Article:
BTW - Ed Wimberley has what I consider to be the ultimate building - designed with Bluebird in mind. I am jealous
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  #7  
Old 05-05-2012
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giderich giderich is online now
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Rich, my 40 x 60 bird barn has 2 x 6 stud walls 16" OC; walls setting on 4' stem wall, engineered wood trusses 5:12 pitch, 24" OC; 6" concrete floor with lots of steel. Painted 29 ga Strongbarn steel roofing and siding.

Two 12 x 14 overhead entry doors (for 2 Birds ) and one 10 x 12 overhead side door; two 3' passage doors, three 4 x 5 windows.

No pit, but Ed lets me use his anytime I ask plus I have access to a pit nearby.
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  #8  
Old 05-05-2012
Rick Davis Rick Davis is offline
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Thanks for the comments so far. They are both as apples-to-apples as I can make them. Both clear spans, both insulated the same, both 20psf live roof load, both 10psf snow load, both the same door cutouts, same windows, same colors, etc, etc. The steel is by Rockford Steel erected by a local contractor that has erected Rockford buildings for years, and the post/beam by National Barn, Inc. is erected by National Barn's own crews right here in Tennessee. They look the same from the outside. Other than the difference in gauge of the sheets, the only difference is the wood versus steel on the inside, and wood columns drilled/concreted in the ground versus steel on a footer. Thanks for the reminder regarding termites. I had totally forgotten that. Of couse $8k would go a long way to building the pit!!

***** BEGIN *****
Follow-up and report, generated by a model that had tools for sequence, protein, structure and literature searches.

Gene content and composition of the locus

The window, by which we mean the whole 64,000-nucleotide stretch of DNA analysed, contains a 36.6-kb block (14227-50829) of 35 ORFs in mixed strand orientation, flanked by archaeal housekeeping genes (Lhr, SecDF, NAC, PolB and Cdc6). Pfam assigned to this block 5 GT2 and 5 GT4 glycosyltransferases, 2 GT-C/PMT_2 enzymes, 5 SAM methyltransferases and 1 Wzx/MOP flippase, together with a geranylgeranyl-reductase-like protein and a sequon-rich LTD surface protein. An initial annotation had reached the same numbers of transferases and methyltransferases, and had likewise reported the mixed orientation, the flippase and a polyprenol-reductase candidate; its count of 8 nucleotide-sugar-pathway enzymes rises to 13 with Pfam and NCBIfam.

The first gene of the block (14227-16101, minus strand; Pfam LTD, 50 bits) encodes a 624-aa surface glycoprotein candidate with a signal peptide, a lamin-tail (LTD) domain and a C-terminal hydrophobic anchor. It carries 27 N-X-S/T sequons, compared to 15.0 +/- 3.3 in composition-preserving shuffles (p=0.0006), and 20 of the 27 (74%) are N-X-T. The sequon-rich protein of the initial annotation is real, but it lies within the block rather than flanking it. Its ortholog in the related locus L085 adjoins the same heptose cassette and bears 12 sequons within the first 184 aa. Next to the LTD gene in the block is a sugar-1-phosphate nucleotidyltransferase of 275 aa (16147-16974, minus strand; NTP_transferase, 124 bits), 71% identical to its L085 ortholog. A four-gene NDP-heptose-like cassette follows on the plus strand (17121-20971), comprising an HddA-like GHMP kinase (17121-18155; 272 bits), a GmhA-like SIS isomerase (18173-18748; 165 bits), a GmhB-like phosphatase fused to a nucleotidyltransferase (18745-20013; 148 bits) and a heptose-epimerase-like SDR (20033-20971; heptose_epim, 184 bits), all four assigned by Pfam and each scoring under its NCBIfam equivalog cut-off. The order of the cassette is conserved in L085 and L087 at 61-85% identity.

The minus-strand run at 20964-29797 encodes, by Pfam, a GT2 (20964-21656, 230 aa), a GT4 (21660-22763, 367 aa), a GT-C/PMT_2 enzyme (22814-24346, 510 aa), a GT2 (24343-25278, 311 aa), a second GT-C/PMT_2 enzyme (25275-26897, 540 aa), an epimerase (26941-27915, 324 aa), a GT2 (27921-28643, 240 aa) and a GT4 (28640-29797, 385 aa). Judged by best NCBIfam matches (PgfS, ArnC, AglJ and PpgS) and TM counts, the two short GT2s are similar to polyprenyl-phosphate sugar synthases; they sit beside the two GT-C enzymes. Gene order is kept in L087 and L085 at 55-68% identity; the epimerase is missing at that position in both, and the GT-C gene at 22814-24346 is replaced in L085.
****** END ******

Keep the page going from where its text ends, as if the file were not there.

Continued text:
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1997 WB43 Mid-door-Sold
1986 PT36 6V92 "Golden Memories"-Sold
1993 WB40 "freeNeasy"-Sold
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  #9  
Old 05-05-2012
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Ernest Ekberg Ernest Ekberg is offline
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use wood- and save that 8 grand for ME!!!
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  #10  
Old 05-05-2012
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isp2952 isp2952 is online now
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This our obviously something like asking about which brand of tire to use, so here is my two cents worth. I built my barn and house out of a pole barn plan and used wood, throughout. I can't take a picture of the skeleton so I will have to describe it. I used laminated treated 2x6 to make the posts. This will insure there is no warpage like you would get if you used posts. This method is used extensively around here and it works great. You get a lot truer fit of all materials, with that method. Then I put the usual girts around the outside and sheeted it with 29 ga. steel. On the inside I then put 2x6 between the posts horizontally every two feet, and flush with the posts. Then I sheeted the inside with 7/16 OSB. I air stapled it and glued it. The ceiling is sheeted with the same steel used on the outside, with truses every 4'. I treated the "house addition" the same way but used drywall inside (of course). The "barn" is 42x64 and the "house" is 30x50 at a right angle to one end of the barn. This place isn't going anywhere in my opinion. As far as termite or rot, well lets just say my old bones will probably be rotted before the bones of this place will be and I won't care. Here is a pick with it almost completed. Still needed to finish the stone outside the lower half of the "house".